And so I think the property market is going to be state-run. They’re going to replace management with some political operatives that will figure out how to restructure this thing and keep it from creating an entire meltdown in the economy.

But you know, China’s got problems even without this. The one-child policy has come back to haunt them. And their population is getting rapidly geriatric, very old, very quickly. And that may also be creating a problem here, is that they may be overbuilding, creating too much real estate properties and too much other infrastructure relative to the population that they have, in terms of the age demographics.

Yeah. Ed, let me just push back a little bit for people who might be listening here and saying, you know, we’ve heard this before. There are some people, obviously pre-2007, 2008, who were talking about– Lehman’s going to be fine. Or even if it does fail, it’s not that big of a deal. And we learned more about how it kind of across the market had these ripple effects.

But specifically with China, even though it’s a large economy, talk to me about even if there were issues like a Lehman in that country, why its role as a global player here specifically when it comes to their connection with the financial markets might not be as impactful as what we saw here in the US.

ED YARDENI: I think it could definitely be impactful in the commodity markets. Commodity prices look like they may be peaking here. I mean, clearly, if this leads to a restructuring of the property market– and nevertheless, we’re going to see a slowdown in building of properties, so they can sort of finish whatever grants started and sell it. So they have some digesting to do here. And in that case, then demand for copper, demand for steel, demand for some of these commodities, which has been going vertical, will now go the other way. So I think commodities could have an impact.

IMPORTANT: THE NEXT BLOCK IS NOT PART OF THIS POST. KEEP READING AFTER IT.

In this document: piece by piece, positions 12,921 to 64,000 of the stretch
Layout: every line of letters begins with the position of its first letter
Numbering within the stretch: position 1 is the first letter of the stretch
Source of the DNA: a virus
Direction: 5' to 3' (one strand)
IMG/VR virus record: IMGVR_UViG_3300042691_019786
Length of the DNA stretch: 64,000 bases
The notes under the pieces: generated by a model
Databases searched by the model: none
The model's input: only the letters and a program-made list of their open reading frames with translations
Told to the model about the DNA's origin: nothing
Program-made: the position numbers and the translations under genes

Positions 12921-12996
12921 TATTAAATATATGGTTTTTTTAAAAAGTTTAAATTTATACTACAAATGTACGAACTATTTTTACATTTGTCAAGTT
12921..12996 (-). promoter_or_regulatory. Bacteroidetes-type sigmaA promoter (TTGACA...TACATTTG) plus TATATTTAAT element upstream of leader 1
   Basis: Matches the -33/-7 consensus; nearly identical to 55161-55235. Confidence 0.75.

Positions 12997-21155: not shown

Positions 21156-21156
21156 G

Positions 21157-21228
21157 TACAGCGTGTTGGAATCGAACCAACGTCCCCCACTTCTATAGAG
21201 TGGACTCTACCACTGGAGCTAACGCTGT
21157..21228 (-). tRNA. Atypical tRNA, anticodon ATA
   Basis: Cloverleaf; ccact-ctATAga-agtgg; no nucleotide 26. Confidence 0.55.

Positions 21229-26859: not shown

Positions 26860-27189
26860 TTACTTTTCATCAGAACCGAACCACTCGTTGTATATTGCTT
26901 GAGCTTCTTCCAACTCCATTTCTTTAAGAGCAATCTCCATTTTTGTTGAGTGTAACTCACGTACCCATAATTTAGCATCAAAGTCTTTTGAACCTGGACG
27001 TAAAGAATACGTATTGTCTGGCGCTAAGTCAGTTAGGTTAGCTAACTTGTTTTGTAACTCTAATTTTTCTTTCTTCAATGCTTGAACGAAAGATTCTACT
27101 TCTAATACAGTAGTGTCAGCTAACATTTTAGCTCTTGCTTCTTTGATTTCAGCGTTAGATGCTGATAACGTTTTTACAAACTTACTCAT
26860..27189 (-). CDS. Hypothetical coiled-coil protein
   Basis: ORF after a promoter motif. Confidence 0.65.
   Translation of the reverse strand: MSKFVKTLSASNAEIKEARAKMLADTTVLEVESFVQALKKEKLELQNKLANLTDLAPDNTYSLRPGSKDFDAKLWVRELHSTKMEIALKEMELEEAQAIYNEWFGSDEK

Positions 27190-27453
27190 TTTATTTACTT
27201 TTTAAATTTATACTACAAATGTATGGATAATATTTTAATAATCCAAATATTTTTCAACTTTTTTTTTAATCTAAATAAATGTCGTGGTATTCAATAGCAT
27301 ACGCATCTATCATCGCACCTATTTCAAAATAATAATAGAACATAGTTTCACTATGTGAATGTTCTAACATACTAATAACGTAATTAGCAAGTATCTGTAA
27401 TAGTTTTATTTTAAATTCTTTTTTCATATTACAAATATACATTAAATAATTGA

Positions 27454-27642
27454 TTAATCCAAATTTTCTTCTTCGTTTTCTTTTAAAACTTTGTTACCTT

But in terms of the credit markets, this is not the kind of credit derivative structure on a global basis that Lehman had created. And again, look, we just had this– we’re still in the pandemic. We have been in the midst of what I call the great virus crisis. And the great virus crisis looked at the start like it could be as bad as the great financial crisis.

But the central bankers, the government authorities learned a lot from that last calamity. And they moved really quickly. I don’t see any reason why the Chinese wouldn’t do a quick move here as well and spend lots of money to keep this thing from having a major effect on their economy. And if that’s the case, that’s not likely to have much in the way of an impact on the global economy other than to slow things down, which isn’t a bad thing.

I mean, so real quickly before we let you go, I mean, investors watching this, obviously, have been watching the fall there in a lot of Chinese equities. I mean, would you be a buyer at these levels?



I would not. I would not.

All right.

ED YARDENI: I think in addition to Evergrande there’s all sorts of other issues of corporate governance and the government intervention in the market. No.

I like a simple answer to wrap up in a long week. Ed Yardeni, appreciate you coming on here to chat. We’ll see how it all plays out and be in discussions, have you back on. Yardeni Research president and chief investment strategist. Thanks again. Have a great weekend.